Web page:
Criccieth Castle in North West Wales
Criccieth Castle © Crown copyright (2013) Visit Wales
Criccieth Castle, standing on its headland between two beaches, is a prominent North Wales landmark. It is also a landmark historic site, one of those rare castles with a foot firmly in both camps and a true testament to the varying fortunes of war.
Criccieth's history is deeply entwined in the medieval conflict between Wales and England. Originally a stronghold of the native Welsh princes, Criccieth was later annexed and added to by the English monarch, Edward I. Both sides obviously had a high regard for Criccieth's strategic siting, on a rocky peninsula overlooking Tremadog Bay.
The core of the castle (a powerful twin-towered gatehouse) is Welsh, built by Llywelyn the Great probably between 1230 and 1240. The gatehouse is unique amongst Llwelyn's castles, he may well have copied an English model and even used expert masons familiar with the style.
The castle was taken by Edward's forces in 1283 and extensively refortified, which included adapting a tower for use by a catapult or stone-throwing 'engine'. The improvements were put to the test a decade or so later when the castle had to withstand a long siege by the Welsh, during which supplies were brought in by ship.
Its fate was finally sealed in 1404 when the Welsh leader Owain Glyn Dwr captured and burnt the castle (even today, the walls still bear evidence of scorching).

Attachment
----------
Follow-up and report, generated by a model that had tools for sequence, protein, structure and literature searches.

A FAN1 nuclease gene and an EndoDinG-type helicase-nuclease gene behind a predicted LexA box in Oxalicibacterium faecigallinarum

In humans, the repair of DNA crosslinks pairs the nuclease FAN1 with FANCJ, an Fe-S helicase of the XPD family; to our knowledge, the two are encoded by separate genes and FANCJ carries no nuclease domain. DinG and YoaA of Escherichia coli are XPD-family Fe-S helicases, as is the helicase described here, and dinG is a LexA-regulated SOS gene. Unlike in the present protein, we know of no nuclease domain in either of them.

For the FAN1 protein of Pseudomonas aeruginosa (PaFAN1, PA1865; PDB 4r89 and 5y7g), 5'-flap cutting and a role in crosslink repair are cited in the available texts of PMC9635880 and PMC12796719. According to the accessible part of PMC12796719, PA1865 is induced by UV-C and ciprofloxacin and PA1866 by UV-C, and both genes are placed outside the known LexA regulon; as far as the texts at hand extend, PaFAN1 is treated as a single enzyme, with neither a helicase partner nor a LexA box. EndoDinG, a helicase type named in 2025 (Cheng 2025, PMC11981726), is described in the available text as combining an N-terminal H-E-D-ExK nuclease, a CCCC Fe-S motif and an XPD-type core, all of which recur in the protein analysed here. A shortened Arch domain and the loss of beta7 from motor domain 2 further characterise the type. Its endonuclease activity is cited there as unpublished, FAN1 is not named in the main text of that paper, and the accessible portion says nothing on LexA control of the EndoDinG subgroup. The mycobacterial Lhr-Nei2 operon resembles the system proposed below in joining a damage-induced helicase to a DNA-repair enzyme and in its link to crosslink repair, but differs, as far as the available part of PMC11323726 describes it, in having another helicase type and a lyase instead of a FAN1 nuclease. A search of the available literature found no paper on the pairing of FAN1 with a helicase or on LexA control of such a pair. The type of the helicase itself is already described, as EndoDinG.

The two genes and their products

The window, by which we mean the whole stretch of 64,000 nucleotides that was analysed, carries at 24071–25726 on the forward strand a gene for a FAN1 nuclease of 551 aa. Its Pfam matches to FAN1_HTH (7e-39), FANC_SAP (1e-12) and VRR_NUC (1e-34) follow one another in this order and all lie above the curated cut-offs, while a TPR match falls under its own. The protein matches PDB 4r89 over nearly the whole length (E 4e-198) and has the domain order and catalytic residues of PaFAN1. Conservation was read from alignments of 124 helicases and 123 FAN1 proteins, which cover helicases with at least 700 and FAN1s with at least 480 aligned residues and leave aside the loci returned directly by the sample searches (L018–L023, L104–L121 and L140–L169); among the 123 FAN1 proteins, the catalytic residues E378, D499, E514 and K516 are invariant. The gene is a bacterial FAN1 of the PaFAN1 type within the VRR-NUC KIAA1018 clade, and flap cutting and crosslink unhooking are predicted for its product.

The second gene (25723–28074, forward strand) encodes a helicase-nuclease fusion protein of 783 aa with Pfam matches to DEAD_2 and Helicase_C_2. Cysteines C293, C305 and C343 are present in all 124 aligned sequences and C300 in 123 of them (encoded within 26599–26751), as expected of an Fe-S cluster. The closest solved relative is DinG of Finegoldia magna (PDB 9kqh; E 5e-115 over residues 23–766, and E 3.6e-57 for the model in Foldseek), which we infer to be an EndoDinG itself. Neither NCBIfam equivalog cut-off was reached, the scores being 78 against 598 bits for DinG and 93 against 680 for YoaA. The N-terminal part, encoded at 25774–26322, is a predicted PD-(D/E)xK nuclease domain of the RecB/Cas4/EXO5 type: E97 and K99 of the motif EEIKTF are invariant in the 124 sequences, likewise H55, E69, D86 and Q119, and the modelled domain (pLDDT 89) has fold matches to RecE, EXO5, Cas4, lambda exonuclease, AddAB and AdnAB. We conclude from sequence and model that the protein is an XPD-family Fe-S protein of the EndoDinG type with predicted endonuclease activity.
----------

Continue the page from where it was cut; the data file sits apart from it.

Criccieth's convoluted history, part Welsh, part Edwardian, gives it a character rare amongst the castles of Wales. Its romantic ruins have attracted artists like JMW Turner, who used the castle as a backdrop for his famous painting of storm-wrecked mariners.
Opening Hours 2013 / 2014
Last admission half an hour before closing.
29th March to 31st October - 10.00 - 17.00 daily
1st November to 31st March - 09.30 - 16.00 Friday to Saturday - 11.00 - 16.00 Sunday. Monday to Thursday free entry. Friday, Saturday and Sunday normal admission prices apply
Access:- A497 to Criccieth from Porthmadog.
Contact and Admission Information
Telephone:- +44 1766 522227
Admission Charge:- Adults £3.50, Reduced rate £2.65.
Family Ticket:- £10.50 - admits 2 adults and up to 3 children under 16 years.
Three or seven day explorer passes are available to give you free admission to the historic sites in the care of Cadw.
For a complete list of over 120 properties in the care of Cadw visit:-
Special Events 2013
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